Director/Screenplay – John Sayles, Based on the Novel Secret of the Ron Mor Sherry by Rosalie K. Fry, Producers – Sarah Green & Maggie Renzi, Photography – Haskell Wexler, Music – Manson Daring, Special Effects Supervisor – Trevor Neighbour, Animatronics – Lyons Model Effects, Production Design – Adrian Smith. Production Company – Jones Entertainment Group Ltd/Peter Newman Productions/Sherry Movies
Jeni Courtney (Fiona Coneelly), Mick Lally (Hugh Coneelly), Eileen Colgan (Tess Coneelly), Richard Sheridan (Eamon Coneelly), John Lynch (Tadhg Coneelly), Cillian Byrne (Jamie Coneelly), Susan Lynch (Nula the Silkie)
Near the end of World War II, following the death of her mother and her father’s lapse into alcoholism, young Fiona Coneelly is sent to stay with her grandparents in the islands on the Irish coast. There she learns the legend of Roan Inish, the island off the coast that the family were forced to move from when she was very young. She hears the stories of her cousin Jamie who was washed away to sea in his crib and of their ancestor Liam who captured a selkie, a half-human, half-seal, as his bride. Guided by the seals, Fiona realizes that the sale of their property on the mainland is signal for her family to return and live on Roan Inish once again.
Today, John Sayles is one of the foremost of independent directors in the world, with the acclaimed likes of The Brother from Another Planet (1984), Matewan (1987), Passion Fish (1992), Lone Star (1996), Men with Guns (1997), Limbo (1999), Sunshine State (2002), Case de los Babys (2003), Silver City (2004), Honeydripper (2007) and Amigo (2010). Sayles originally began as a B-budget screenwriter for Roger Corman with generally likable genre efforts such as The Howling (1980), Alligator (1980) and Battle Beyond the Stars (1980).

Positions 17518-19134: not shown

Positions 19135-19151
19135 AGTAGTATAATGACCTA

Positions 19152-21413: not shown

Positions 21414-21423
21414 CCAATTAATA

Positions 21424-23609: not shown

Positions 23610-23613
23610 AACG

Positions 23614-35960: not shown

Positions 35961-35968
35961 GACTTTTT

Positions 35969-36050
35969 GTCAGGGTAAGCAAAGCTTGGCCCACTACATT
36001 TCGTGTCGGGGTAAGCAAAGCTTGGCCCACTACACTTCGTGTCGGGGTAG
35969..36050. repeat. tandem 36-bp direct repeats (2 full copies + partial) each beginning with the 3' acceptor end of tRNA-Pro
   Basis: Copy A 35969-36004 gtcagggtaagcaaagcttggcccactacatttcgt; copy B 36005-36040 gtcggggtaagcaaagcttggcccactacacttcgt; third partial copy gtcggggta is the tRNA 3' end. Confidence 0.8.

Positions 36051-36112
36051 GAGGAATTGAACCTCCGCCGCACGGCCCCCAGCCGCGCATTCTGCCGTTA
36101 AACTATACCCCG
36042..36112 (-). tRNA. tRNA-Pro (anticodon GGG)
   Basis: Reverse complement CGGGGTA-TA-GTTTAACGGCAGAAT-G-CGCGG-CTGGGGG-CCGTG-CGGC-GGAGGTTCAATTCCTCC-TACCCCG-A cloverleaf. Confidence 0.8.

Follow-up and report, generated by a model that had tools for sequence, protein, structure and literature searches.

Making a children’s film is a surprising change of pace for John Sayles, who usually concerns himself with hard-biting social realism. However, Sayles is not a director of ordinary means and nor is The Secret of Roan Inish an ordinary children’s film, at least in the Spielberg or Disney-esque mold. In fact, when it came out, The Secret of Roan Inish attracted more attention from adults than it did from its intended audience. The film’s adult appeal seems to be rooted in the Irish American population’s fascination with returning to their roots – indeed, The Secret of Roan Inish came out around the same time as the other Irish children’s fantasy Into the West (1992), which featured very similar themes. The film takes the mythic nostalgia that the question of Irish roots plays on even further back into a mystic never-was relationship with the land and sea and ultimately a rejection of civilisation – the real Irish, the film seems to say, have been corrupted by having civilisation imposed on them and the loss of their mystic harmony with the sea. The film spends much time showing the art of lost crafts like thatching and the tarring of boats.
Sayles directs low key. The Secret of Roan Inish is a film that gains its effect from a quiet and unassuming approach. It is not a bold and dramatic film. For an American director, Sayles captures the culture and place of coastal Ireland with a remarkable degree of verisimilitude (although, much of this is due to cinematographer Haxell Wexler who does an admirable job of capturing the inhospitability and raw beauty of the Irish landscape). The entire cast give fine performances. Young Jeni Courtney is a particular find, her blonde hair and plaintively open eyes being singularly striking. John Lynch’s brooding tight-lipped part as Tadhg is very good. There is also fine support from Mick Lally and Eileen Colgan as the grandparents.
(Nominee for Best Original Screenplay at this site’s Best of 1994 Awards).